Category: Clinical

Confronting the urinalysis tyrant

As GPs we know a lot about recurrent urinary tract infections. James Malone-Lee is Emeritus Professor of Medicine, University College London. His research suggests that most of what we think we know is wrong. Here he explains the evidence.

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Asking about suicide and self harm: moving beyond clinician discomfort

“I ask them – but I’m not asking them in a way that invites a ‘yes'” – It can be difficult to broach the subject of self-harm or suicidal thoughts during a consultation. After altering her practice since reading Ford et al’s recent study on clinician discomfort, Dr Claire Norman, GPST3, reflects on the real-life consequences of reframing those difficult questions.

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Non-biopsy diagnosis of coeliac disease: increased diagnosis and how dietitians can help

With the incidence rate of coeliac disease in the UK increasing four-fold between 1990 and 2011, it is essential that patients with coeliac disease continue to receive appropriate support and management during the COVID-19 pandemic. Here, Yvonne Jeanes et al. outline how dietitians can assist patients with coeliac disease, and provide resources for both patients and practitioners.

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A different kind of ‘safety net’ for the new members of our primary care workforce

With COVID-19 forcing a shift to predominantly remote consulting, how do we ensure that physician associates are fully supported in their role in primary care? The Sheffield Physician Associate (PA) Preceptorship scheme may be one way, offering a formalised support package for both the PA and employer. Here, Ria Agarwal and Julie Hoskin provide an overview.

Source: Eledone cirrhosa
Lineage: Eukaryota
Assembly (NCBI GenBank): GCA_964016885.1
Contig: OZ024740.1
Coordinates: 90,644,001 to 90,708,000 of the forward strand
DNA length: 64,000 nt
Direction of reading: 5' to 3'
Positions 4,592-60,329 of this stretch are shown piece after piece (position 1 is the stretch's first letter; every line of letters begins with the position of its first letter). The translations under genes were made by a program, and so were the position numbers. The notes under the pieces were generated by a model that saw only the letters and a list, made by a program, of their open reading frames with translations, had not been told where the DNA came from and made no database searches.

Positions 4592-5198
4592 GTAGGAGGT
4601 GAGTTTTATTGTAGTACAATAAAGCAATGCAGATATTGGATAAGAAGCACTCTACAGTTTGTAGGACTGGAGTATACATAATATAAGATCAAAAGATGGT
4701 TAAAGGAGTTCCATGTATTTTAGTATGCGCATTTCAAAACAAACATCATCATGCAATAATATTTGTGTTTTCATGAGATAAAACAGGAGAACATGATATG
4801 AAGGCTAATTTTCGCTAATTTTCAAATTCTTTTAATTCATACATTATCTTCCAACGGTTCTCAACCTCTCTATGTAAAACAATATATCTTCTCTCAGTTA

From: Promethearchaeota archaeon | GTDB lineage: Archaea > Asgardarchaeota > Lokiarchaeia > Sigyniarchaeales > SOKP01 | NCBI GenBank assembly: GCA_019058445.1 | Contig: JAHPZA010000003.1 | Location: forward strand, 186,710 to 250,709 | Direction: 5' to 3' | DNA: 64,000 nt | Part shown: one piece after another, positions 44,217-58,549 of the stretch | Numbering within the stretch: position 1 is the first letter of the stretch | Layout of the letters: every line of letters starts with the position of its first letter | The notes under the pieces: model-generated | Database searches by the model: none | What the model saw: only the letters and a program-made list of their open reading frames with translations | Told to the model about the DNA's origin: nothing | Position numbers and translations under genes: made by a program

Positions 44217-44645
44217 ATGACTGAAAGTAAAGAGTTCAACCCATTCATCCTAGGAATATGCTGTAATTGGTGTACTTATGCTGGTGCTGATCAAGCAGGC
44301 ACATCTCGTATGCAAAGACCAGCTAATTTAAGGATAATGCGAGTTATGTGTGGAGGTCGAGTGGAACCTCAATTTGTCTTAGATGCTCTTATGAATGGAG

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Diabetes: Is it time to flatten the curve?

Half of patients with elevated blood sugars, with an HbA1c greater than 42, are not clinically obese. As well as the usual measures Sarah Blake asks whether we need to pay more attention to post prandial blood sugar spikes – is it time to flatten the curve?

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Physical health checks for people with severe mental illness in England during COVID-19

People living with severe and prolonged mental illness in England die 15-20 years earlier than the general population. Richard Armitage alerts us to the fact that there has been a marked decrease in the proportion of such patients who have had a physical health check in following the first COVID-19 lockdown. We cannot afford to let this stay on the back burner for ever.

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Drugs for chronic pain — we still need them

Chronic primary pain is a relatively new concept. Ensuring its definition is consistent within new guidelines is key. Here, members of the National Advisory Committee for Chronic Pain provide a number of observations on the use of drugs in chronic pain management, and emphasise the importance of having more tools for care.

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